A presidential portrait of Harry Truman painted by Greta Kempton in 1948. Getty Images
Truman took part in the planning of his presidential library, trekking to possible sites, drawing what he thought it should look like—his grandfather’s house. The federal government contributed nothing, Truman did the fundraising himself.
He agreed to write his memoirs and signed a big contract—$600,000. But it was to be paid over five years, and the first payment came on delivery of a manuscript, so he had to hustle. It was a struggle. “I’m not a writer,” he wailed, not as a complaint but an assertion of his predicament. He got help and didn’t hide it. On notes toward a first draft he scrawled, “Good God, what crap!”
He and Bess took a break to visit friends back in Washington; Truman drove all the way. That was challenging because cops stopped him to warn about speeding but really to get autographs, and patrons of diners surrounded him to watch him eat.
When the book came out it sold fine and earned respectful reviews. But friends thought Harry’s pungent, blunt manner of expression had been squashed down and evened out by collaborators, or perhaps by self-consciousness. A bigger disappointment was money. With the cost of staff, researchers and office rent, his net profit, he figured, was only $37,000 over five years. He was shocked he had to pay 67% federal and state income taxes. Truman had supported high tax rates for broad government services pretty much all his political life. There was a sense in his letters this was the first time he personally felt the cost of the policies he’d professed. He called the taxes “crushing.” He pushed for a bill in Washington for office money for former presidents, and—rightly, fairly—got it.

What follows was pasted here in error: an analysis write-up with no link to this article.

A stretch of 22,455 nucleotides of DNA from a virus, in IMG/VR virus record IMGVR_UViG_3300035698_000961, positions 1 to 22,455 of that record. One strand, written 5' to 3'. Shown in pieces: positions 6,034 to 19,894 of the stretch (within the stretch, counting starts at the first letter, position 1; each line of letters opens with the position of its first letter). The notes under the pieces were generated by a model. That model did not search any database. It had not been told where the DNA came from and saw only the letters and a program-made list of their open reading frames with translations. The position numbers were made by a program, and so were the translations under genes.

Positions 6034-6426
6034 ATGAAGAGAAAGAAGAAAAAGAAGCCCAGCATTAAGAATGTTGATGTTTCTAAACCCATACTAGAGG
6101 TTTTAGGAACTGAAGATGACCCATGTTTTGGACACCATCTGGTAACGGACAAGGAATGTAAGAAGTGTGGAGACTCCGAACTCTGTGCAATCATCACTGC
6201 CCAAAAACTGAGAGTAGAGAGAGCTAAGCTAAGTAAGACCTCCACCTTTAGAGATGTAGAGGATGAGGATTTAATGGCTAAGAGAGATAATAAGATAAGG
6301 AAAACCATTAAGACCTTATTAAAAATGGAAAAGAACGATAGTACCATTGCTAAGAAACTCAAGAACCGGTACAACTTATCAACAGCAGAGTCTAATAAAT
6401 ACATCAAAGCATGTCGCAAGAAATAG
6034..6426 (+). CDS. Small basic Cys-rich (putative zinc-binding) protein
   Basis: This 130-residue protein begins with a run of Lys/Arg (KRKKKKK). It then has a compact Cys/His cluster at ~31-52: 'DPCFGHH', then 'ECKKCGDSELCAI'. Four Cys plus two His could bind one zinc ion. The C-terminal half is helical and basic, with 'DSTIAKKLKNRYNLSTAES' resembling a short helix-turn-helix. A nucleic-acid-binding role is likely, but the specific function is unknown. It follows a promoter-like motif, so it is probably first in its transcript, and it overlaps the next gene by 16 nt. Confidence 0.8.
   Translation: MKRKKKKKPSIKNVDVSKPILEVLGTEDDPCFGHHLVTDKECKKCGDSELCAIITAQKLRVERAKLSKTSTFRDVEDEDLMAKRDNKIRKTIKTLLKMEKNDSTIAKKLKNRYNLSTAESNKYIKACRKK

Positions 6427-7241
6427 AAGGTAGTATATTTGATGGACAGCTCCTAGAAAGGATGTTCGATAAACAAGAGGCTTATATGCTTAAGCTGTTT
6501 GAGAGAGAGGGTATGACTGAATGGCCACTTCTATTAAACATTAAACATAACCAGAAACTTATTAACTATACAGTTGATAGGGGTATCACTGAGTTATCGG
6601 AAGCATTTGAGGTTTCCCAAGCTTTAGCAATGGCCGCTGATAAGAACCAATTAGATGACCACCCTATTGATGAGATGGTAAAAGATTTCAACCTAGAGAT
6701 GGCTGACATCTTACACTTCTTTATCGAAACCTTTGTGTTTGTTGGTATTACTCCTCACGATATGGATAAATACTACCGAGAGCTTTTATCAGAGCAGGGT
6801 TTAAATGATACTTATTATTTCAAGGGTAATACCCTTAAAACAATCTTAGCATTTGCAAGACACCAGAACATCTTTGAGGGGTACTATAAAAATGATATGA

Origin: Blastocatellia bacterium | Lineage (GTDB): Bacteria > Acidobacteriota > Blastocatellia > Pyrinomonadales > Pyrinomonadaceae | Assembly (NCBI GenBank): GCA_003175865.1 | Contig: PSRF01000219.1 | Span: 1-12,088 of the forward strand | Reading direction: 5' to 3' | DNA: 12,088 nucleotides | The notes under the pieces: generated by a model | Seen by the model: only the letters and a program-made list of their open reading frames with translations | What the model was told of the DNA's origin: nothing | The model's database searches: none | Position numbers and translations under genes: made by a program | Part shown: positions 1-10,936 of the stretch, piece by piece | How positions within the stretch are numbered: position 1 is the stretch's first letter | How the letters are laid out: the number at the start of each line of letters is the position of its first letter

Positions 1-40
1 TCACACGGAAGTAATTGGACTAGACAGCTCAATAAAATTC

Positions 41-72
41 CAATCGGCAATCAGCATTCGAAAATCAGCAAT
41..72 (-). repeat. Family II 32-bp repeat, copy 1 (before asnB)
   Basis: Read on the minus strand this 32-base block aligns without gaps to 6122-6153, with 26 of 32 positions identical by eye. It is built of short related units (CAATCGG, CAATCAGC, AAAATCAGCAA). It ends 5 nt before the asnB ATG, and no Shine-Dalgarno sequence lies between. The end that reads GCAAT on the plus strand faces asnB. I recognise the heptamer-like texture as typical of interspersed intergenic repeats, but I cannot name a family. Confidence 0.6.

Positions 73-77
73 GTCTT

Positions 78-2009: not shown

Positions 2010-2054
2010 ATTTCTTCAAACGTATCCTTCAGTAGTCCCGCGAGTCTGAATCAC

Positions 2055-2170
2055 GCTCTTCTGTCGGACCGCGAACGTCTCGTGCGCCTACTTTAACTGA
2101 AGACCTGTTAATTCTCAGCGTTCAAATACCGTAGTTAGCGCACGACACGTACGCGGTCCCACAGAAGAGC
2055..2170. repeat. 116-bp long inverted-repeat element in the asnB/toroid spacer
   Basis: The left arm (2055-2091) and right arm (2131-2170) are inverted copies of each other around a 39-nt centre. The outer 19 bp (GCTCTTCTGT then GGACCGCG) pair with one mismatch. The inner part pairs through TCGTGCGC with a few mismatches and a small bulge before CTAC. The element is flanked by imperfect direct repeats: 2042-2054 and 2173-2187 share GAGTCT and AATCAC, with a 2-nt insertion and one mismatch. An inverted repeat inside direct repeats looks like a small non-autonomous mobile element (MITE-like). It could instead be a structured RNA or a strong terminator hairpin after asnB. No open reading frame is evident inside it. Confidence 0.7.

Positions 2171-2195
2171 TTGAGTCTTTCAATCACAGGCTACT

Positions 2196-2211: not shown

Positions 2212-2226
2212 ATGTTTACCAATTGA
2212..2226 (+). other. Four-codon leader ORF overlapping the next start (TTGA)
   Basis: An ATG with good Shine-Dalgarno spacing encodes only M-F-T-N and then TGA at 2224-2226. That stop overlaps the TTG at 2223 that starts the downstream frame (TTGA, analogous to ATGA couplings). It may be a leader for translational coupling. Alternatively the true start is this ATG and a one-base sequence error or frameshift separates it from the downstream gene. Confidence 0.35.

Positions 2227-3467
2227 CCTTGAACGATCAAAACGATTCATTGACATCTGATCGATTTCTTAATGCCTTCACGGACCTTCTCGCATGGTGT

Truman wasn’t financially secure until five years after he left the White House, when he sold family farmland whose fields he had worked as a boy. It made him sad: He liked thinking of himself as a farmer. But if he hadn’t sold, he said, “I would practically be on relief.”
He died the day after Christmas 1972, age 88, and his death was not only marked but mourned. A friend had described to the New York Times NYT +1.92% magazine how he had achieved happiness: “Harry feels that he’s square with the world, that he gave it his best, and got its best in return.”
God bless him, he did.
* * *
Why are we talking about Harry Truman? You know.
We live in a time when politicians relentlessly enrich themselves. We are awed and horrified by the wealth they accumulate, by their use of connections, of money lines built on past and future power. It’s an operation to them. They are worth hundreds of millions. They have houses so fancy the houses have names. They make speeches to banks and universities for a quarter-million dollars and call their fees contributions to their foundations. They are their foundations.
They grab and grub. They never leave. They never go home. They don’t have a “home”: They were born in a place, found a launching pad, and shot themselves into glamour and wealth. They are operators—entitled, assuming. They “stand for the people.” They stand for themselves.
So I just wanted to note how it used to be, when leaders thought they had to be respectable. When they were respectable.
“Harry Truman, not a money-grubbing slob.” Who, years ago, imagined that would come to be remarkable?